Lesson 2: One size fits no one

Successful substitution projects are standard customization, with an emphasis on customization. A method developed in Groningen and successful there cannot be implemented in Amsterdam on a one-to-one basis. All successful improvement processes are adapted to the local context and based on existing organisational networks between professionals. It is this ‘colour local’ that determines whether a substitution project will be a success or a failure.

Lesson 3: Make use of the intrinsic motivation of healthcare professionals

Innovation must come from within the primary process, otherwise there is no chance of success. When policymakers set change processes in motion, these rarely connect to the world of healthcare professionals. For example, consider together with a GP how more space can be created in the consultation room. Then you make the general practitioner enthusiastic to be able to realize substitution in the practice. By taking into account the drive of the healthcare professional, you increase the chances of success of substitution projects. Policy changes never have the same impact as clinically driven changes.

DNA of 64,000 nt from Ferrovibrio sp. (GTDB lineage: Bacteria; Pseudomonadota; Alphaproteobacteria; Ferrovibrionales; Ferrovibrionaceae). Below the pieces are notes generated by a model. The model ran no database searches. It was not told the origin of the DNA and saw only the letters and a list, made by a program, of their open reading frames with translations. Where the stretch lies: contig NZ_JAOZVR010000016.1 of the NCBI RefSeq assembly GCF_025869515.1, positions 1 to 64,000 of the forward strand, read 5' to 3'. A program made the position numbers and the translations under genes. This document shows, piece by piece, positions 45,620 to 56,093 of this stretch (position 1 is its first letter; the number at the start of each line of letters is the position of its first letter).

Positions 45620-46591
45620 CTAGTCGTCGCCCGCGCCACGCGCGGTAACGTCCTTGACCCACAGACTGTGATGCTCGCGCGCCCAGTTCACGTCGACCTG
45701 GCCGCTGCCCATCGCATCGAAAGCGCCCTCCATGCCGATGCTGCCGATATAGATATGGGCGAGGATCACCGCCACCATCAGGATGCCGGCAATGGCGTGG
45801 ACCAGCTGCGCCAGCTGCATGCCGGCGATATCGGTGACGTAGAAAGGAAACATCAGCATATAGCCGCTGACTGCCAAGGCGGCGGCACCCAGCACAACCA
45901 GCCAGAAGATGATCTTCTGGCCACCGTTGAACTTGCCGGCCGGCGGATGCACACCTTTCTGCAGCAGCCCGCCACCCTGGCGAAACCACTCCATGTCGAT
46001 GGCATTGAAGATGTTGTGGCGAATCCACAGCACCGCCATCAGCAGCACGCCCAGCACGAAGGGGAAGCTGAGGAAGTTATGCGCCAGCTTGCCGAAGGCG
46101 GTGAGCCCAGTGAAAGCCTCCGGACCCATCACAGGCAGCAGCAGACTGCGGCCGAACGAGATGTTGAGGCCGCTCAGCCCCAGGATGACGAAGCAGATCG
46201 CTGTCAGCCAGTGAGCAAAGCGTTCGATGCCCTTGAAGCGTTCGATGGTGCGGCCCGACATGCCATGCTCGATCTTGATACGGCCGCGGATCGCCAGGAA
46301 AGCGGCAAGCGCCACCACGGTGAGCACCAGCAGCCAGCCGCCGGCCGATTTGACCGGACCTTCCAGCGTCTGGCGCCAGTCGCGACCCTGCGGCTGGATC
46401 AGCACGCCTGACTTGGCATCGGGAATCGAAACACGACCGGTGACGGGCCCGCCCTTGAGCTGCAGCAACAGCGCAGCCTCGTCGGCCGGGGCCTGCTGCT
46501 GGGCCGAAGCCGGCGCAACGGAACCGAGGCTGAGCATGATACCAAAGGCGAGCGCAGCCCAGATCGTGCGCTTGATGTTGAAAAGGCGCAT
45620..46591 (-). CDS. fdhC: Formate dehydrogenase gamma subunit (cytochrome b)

Lesson 4: crack the black box

International research shows that successful change processes are based on small scale, collaboration, mutual data exchange and a focus on the patient. The trick is to crack the black box. That is, reducing a successful initiative to small chunks – the magic ingredients that made it successful – and translating them into a different context. The patient is at the centre and each participant assumes the role that belongs to him/her. That is: the healthcare provider as he is trained for, the patient as manager of his own health and administrators and government creating conditions.

Lesson 5: Small is beautiful

Practice shows that large-scale initiatives sometimes have little or no effect, while small initiatives sometimes produce unexpected results. So start small in substitution projects, but have a broader plan ready at the outset. Think of three implementation strategies in advance. If the first one fails, you can immediately switch to the second. And make an integral business case in which you calculate the financial effects for each partner and also determine the social return on investment.

Lesson 6: Embrace a new way of working

Perhaps the most important lesson is that we need to embrace a new way of working, recognising the complexity of healthcare systems and understanding that change is unpredictable and takes time. The process is often tortuous and requires standard customization. For this we need smart, creative people who can think out of the box and in a holistic way, and who can see how various aspects fit together. People who can see through the layers and oversee the relationships between processes. This can help us initiate changes that benefit all parties involved and thus lead to success.

Download the free e-Book to learn what other steps are needed to make substitution of care a success.

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Pim Valentijn